Rickshaw driver, house painter, mechanic... and one of the fastest men in the world

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"Dreaming small is hypocritical. You have to dream big," said Anthony Zambrano. With that mindset, he won a silver 400m medal at the 2019 Doha World Championships and is aiming to win a medal at Tokyo 2020

Anthony Zambrano's story has been built and crafted literally by himself.

The 22-year-old athlete has already competed at an Olympic Games and won silver at the IAAF 2019 Athletics World Championships. He also has an incredibly diverse work history.

"I've done a lot of things in my life: cycle rickshaw driver, motorcycle rickshaw driver, bricklayer, painter and decorator, mechanic... I don’t regret trying any of those things, because those sacrifices helped me to fight and to get to where I am now. Every time I’m on the track, I think about what I am, where I came from and how I got here,” the athlete told Tokyo2020.

It’s not easy growing up in Colombia, and many people have to learn to earn a living from an early age. But despite all of this, Zambrano has kept his dreams alive.

“I’ve had to face tough things in my life, but little-by-little they have become softer. It’s like dough! When you pour water onto it, it becomes softer and you can cook an arepa [a traditional dish popular in Colombia]. It’s the same with life. For a diamond to shine you need to polish it,” he explained.

Anthony Jose Zambrano of Colombia reacts after running in the Boys 400m semi-finals at the IAAF World Youth Championships, Cali 2015  (Photo by Buda Mendes/Getty Images for IAAF)
Anthony Jose Zambrano of Colombia reacts after running in the Boys 400m semi-finals at the IAAF World Youth Championships, Cali 2015 (Photo by Buda Mendes/Getty Images for IAAF)
2015 Getty Images

Finding inspiration at home

Zambrano was a diamond in the rough, but there was somebody who polished him until he shined.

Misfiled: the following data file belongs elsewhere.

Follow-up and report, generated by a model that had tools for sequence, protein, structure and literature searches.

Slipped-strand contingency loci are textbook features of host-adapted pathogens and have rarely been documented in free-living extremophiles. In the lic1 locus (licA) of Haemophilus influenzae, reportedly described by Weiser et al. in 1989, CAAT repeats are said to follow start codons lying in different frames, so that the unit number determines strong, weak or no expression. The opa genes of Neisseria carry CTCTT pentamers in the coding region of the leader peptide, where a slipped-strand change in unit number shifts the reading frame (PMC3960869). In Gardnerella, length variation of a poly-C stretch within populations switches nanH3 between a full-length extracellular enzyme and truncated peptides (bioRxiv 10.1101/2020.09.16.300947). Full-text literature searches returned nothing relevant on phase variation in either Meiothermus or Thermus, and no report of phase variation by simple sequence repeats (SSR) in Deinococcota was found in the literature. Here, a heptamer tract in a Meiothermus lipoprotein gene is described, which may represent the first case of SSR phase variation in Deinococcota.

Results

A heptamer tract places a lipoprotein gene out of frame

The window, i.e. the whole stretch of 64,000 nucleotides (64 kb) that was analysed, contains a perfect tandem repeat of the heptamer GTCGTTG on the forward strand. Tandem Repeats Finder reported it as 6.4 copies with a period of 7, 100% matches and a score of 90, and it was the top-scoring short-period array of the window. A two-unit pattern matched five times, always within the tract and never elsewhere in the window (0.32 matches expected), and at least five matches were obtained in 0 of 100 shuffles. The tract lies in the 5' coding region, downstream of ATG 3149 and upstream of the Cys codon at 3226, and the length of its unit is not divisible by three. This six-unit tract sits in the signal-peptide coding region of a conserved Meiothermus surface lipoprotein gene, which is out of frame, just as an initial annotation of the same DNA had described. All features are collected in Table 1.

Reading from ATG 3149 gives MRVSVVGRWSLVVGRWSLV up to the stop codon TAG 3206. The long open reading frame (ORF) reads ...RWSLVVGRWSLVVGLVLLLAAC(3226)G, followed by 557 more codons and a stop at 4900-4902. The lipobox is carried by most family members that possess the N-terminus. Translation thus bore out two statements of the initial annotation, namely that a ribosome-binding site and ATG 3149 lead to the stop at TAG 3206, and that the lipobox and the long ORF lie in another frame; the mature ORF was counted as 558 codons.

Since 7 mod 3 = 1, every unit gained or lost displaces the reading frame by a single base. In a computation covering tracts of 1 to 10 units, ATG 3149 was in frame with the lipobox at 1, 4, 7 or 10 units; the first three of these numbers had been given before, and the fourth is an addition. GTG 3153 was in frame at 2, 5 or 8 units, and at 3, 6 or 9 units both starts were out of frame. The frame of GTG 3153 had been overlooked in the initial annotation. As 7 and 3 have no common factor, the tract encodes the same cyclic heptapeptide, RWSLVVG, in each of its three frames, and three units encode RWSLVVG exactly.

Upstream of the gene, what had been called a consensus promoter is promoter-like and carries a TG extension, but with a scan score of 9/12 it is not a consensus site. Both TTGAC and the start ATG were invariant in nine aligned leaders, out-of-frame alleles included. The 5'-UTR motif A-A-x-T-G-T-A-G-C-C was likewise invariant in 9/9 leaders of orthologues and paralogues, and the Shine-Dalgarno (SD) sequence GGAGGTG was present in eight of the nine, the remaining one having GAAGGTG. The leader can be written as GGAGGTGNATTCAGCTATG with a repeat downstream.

His mother.

She was the one who raised him and always made sure he believed in his dreams.

“My mum is my inspiration. Since I was a child she has always fought for us. Because of me, she worked so hard as a stay-at-home mum. Thank God that she can rest up a little now, because I can give her a better life. That has always been my motivation,” explained Zambrano.

In fact, Zambrano’s mum now has all his medals and trophies.

“All my medals are for her. I don’t have them… she always steals them from me! I just compete and she wins the medals,” the Colombian athlete said while laughing.

One of the medals his mother holds onto is the 400m silver he won at the IAAF 2019 World Championships.

For now, that medal represents his greatest achievement as an athlete. And his mother once again played an integral role in that success.

“I remember the training sessions so clearly. All of the sacrifices I've made to win the medal. Nothing I did was in vain. I moved out of home and that was how I achieved my mother’s dream. She told me she would be the happiest person in the world if I gave her a World Championship and Olympic medal. So, I told her: ‘Mum, don’t worry. I’m on it. If I have your support and my wife’s support, we can go wherever we want to',” recalled Zambrano.

He already has one of those medals, but having an Olympic medal is his dream.

A surprise for Tokyo 2020